With the new facility, Marmot’s capacity tripled, allowing thousands of kids to experience the magic of Marmot, taking night hikes in search of bats and owls, tracking bears along a stream, learning to understand bird language, and investigating the subtleties of animal tracking. And more importantly, more youth will have the opportunity to build lifelong connections with the natural world.
Originally donated to Portland Audubon in 1977 by Joe and Amy Miller, Marmot Cabin and the 91-acre Miller Wildlife Sanctuary offer the perfect place for children to explore forest, meadow, and creek habitat.
Portland Audubon knew that for Marmot to reach its full potential as a dedicated environmental education facility, a new structure was pivotal. The reimagined Marmot Cabin allows the organization to reach more youth from diverse backgrounds and is ADA accessible so that more kids can have access to nature education. The cabin, as well as other upgrades like two 30-foot yurts, transform the facility into a place where kids can comfortably learn, play and explore.
“Marmot Cabin opens up new opportunities for our education team to connect children with the forest, inspiring what we hope will be a lifelong commitment to caring for and protecting wild spaces and the birds and other animals that call those spaces home,” said Nicki Dardinger, Portland Audubon’s Education Director.
In addition to being a gateway to the natural world for kids, Marmot Cabin serves as a teaching tool for sustainable design. Portland Audubon is proud to have ensured that the structure was built with sustainably certified (FSC) wood and other sustainably harvested materials, such as madrone flooring. In order to be good neighbors to the wildlife on the sanctuary, bird-safe windows were installed in the cabin to reduce window-collisions. And in the building process, we enacted a plan to cause minimal disruption to the landscape, by preserving a mature big-leaf maple and western red cedar next to the cabin.
There is still one final touch that will be added this winter: a grand fireplace that will tell the geological history of Oregon. Geologist Dr. Scott Burns and the Geological Society of the Oregon Country are helping Portland Audubon build a monumental fireplace with stones from across the Oregon landscape…from fossils to volcanoes to thunder eggs.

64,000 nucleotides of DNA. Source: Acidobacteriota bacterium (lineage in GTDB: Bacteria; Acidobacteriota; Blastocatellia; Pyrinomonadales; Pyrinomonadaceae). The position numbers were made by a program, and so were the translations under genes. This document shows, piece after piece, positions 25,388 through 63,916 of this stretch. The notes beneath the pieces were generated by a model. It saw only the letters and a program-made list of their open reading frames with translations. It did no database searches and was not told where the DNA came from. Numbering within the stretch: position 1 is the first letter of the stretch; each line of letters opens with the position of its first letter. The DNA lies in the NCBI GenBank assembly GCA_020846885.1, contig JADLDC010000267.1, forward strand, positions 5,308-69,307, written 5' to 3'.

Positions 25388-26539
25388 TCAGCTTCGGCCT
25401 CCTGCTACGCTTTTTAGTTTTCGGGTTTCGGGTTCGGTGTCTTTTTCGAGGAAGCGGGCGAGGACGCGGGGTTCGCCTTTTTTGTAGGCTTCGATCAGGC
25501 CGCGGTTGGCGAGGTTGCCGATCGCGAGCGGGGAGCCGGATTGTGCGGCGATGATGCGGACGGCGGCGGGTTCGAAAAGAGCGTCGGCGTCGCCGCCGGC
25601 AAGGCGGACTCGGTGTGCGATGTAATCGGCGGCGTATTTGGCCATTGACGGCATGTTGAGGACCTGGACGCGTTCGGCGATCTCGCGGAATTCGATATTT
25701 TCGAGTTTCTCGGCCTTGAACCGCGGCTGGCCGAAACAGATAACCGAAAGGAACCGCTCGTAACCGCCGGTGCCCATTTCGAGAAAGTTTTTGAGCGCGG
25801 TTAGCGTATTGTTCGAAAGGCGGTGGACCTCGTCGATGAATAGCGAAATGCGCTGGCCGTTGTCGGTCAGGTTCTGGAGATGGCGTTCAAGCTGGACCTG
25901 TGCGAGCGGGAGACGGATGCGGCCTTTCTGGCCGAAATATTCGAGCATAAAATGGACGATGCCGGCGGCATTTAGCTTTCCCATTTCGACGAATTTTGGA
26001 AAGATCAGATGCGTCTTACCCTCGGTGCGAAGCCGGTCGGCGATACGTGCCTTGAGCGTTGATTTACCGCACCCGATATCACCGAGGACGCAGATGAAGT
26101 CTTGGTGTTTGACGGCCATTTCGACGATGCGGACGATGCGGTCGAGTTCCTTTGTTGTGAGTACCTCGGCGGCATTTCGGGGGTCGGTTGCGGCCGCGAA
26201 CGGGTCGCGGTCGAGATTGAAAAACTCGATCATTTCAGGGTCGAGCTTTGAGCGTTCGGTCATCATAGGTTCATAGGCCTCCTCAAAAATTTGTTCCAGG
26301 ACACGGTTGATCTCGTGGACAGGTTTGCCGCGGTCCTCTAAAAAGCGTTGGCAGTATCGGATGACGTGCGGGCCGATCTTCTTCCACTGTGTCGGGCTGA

“One of the most exciting features of Marmot Cabin is that we can now affordably provide the type of immersive nature programming to kids we never could reach before. We want to make nature experiences more affordable, and now can offer more scholarships to help make that possible,” said Nick Hardigg.
The new Marmot Cabin could not have been built without the generous support of 293 individual donors and foundations, all of whom believe in the transformative power of nature education. Many of these donors joined us at Marmot for a day of celebration to see the new building, and officially open Marmot Cabin for future generations.
Marmot Cabin and the Miller Wildlife Sanctuary are used solely for Portland Audubon’s environmental education programs and are not open to the public for general use.
Founded in 1902, Portland Audubon is one of the oldest conservation organizations in the nation. It promotes the understanding, enjoyment and protection of native birds, other wildlife and their habitats through its conservation and environmental education programs, its 150-acre Nature Sanctuary and Nature Store in northwest Portland, and its Wildlife Care Center.
For more information, call 503-292-6855 or visit www.audubonportland.org.